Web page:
Viewers: in countries Watching now:
This course provides a practical guide to enhancing photos with the most popular creative effects in Photoshop. Photographer, author, and teacher Chris Orwig shows how to modify color and light to add vibrance, drama, and emphasis. He then explores blur effects, including the Photoshop CS6 Blur Gallery and motion blur, to increase depth-of-field, add a softer focus, or make your still images move. The course also introduces the techniques behind digital infrared photography, and details a variety of effects that can add the popular analog look to photos: film grain simulations, vintage monochrome and color effects, and border and edge effects. The final chapters show how to use Photoshop's custom brushes and plug-ins for creative effects.
A great way to modify or change the texture or mood or feeling of your photographs is by adding some film grain. So here in this initial movie I want to share with you a few techniques that you can use in order to easily add some film grain to your photographs. We'll be working with this portrait here that I captured of one of my best friends and his son Dylan, they lived down in Costa Rica and they'd just come out of the ocean, and you can see that they are really connected, and so I want to add a bit more character or timelessness to this photograph by adding some film grain.
To do that we want to copy our background layer, press Command+J on a Mac, or Ctrl+J on Windows, and do that twice so that we have three layers. We'll go ahead and name the top layer grain, then we'll name the second layer here noise. Next let's turn off the visibility of the top layer, and let's start off with this noise layer. If you navigate to the Filter pulldown menu, you can go down to Noise and then there underneath Noise you have the ability to select Add Noise. This is a really great way to add some grain.
With this little teeny window what I'd like to do is to try to position it over the image, so I can still kind of see the rest of the photograph. When you're working with this you'll want to use Gaussian and Monochromatic. Without Monochromatic you'll see there are all these little color artifacts and then Uniform, it'll be a bit too even. So again we want to turn on Monochromatic and Gaussian, that typically works best. Then we can use the Amount slider to increase or to decrease the size of the grain. Typically what you'll do is try to have just a subtle amount of grain, you don't want it to overpower your picture.
With this photograph I think right around 5% looks good let's go ahead and click OK in order to apply that. Then if we click on the Eye icon we can see here's the before and then now here's the after. And sometimes especially with digital capture like with this image which was captured on a Canon 5D Mark II is that sometimes the images are too perfect. By adding some film grain it kind of smooth things out a little bit and softens the image in a really nice and interesting way. All right, well now that we've looked at how we can add this by way of the Noise Filter let's also do this by way of the Grain Filter, here we'll click on grain and then turn on the visibility of that layer, and then we'll go down to our Filter pulldown menu and open up the Filter Gallery.
In this Filter Gallery underneath Artistic you'll find the option for Film Grain, you can also find this in the pulldown menu here, so if you selected a different filter previously, you can just choose this from this pulldown menu, and it'll target that icon there, and then you can start to make the adjustments. All right, well now that we have this image here let's go ahead and click and drag it over, so we can see the details. We have a Grain slider, which is similar to what we had with that Noise Filter, we can click and drag this to the right in order to increase this, but we also have the ability to work on our highlight areas.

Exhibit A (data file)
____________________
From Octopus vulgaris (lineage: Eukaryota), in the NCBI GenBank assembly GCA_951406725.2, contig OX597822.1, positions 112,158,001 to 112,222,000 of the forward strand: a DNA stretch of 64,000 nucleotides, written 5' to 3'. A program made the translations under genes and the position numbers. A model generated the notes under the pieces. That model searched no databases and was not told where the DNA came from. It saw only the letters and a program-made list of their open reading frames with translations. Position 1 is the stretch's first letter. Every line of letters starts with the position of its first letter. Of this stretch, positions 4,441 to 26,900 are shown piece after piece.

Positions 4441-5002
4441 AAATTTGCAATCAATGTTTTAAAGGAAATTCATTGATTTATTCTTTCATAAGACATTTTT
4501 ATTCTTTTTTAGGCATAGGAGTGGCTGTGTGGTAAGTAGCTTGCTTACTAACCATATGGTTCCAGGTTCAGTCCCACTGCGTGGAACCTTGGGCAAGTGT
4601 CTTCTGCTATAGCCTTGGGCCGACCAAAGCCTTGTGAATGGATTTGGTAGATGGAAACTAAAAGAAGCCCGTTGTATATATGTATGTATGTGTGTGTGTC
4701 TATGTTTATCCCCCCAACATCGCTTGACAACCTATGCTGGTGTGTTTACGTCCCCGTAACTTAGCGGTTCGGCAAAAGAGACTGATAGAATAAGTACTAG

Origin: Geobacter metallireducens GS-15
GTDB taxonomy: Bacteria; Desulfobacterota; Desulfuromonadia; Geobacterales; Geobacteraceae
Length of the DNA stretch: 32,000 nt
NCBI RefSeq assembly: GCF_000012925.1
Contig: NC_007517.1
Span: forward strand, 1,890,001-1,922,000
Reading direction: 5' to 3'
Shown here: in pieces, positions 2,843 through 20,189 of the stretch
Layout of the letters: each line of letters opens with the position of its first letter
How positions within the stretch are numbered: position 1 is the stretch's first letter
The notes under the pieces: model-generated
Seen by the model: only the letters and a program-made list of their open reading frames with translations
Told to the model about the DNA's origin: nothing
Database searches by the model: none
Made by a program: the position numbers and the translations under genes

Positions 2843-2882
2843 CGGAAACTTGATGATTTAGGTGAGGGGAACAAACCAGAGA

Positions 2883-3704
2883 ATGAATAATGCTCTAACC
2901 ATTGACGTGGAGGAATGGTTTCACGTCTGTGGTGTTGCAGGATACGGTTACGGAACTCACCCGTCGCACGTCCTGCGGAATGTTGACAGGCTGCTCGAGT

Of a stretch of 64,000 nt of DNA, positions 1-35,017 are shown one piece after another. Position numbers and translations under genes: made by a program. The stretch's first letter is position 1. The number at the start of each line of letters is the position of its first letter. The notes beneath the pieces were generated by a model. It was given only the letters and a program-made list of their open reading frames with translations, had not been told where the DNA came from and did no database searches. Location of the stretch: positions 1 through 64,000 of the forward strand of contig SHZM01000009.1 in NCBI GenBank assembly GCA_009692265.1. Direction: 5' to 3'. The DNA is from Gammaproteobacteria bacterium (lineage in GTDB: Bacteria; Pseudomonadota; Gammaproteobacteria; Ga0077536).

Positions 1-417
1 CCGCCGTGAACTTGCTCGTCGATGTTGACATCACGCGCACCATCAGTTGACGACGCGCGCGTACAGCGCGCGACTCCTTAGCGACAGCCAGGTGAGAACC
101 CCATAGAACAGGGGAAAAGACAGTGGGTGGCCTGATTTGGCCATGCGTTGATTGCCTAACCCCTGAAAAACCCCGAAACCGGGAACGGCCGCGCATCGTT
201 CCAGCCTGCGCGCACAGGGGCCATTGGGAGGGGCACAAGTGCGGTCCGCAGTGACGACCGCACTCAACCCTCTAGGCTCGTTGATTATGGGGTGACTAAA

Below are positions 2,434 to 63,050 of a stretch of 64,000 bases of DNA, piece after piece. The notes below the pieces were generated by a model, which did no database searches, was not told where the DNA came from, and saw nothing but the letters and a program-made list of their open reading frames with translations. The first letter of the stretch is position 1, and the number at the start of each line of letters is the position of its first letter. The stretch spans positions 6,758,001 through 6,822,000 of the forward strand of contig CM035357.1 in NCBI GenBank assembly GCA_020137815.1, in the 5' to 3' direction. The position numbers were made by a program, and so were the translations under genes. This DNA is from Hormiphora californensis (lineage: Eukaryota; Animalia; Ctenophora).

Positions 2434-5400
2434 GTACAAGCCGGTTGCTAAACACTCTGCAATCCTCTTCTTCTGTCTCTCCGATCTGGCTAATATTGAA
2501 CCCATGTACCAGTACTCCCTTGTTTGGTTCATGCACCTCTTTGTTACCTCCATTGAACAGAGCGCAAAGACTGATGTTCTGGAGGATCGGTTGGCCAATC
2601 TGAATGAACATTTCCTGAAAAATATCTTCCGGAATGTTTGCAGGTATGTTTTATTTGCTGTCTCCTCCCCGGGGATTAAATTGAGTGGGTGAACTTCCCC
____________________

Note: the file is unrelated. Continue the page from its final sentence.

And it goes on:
With this image it won't really work, but let me show you how you can use these sliders. When you increase your highlight area and then your Intensity slider, you can see that what it's doing here is it's protecting this area, it's not adding grain to that part of your photograph, this is obviously too intense or too high, yet as we decrease that you can start to see how the grain isn't completely even rather it's a little bit more backed off in those areas allowing some of those highlights to come through. Now with this photograph I don't think that's very essential, but it's just worthwhile to point that out so that you can see how you can use that.
With this picture because it's pretty evenly lit, removing your highlight area and intensity in my opinion at least I think works better. All right, so I'll click and drag the Grain slider up to about 3 approximately and then go ahead and click OK. Now back in the Layers panel we can see both of these options, here is the Grain Filter applied before, and then now after, and then here is that Noise Filter. Both of these filters work in a little bit different way, so which filter is best. What I found in my own workflow is that I used the Noise Filter a lot although I also like the Grain Filter, it depends upon the photograph, so certain photographs I like to experiment with both of these to see which works best, yet either way you now have picked up a couple of techniques that you can use in order to add film grain to your photographs.
There are currently no FAQs about Photoshop for Photographers: Creative Effects.
Access exercise files from a button right under the course name.
Search within course videos and transcripts, and jump right to the results.
Remove icons showing you already watched videos if you want to start over.
Make the video wide, narrow, full-screen, or pop the player out of the page into its own window.
Click on text in the transcript to jump to that spot in the video. As the video plays, the relevant spot in the transcript will be highlighted.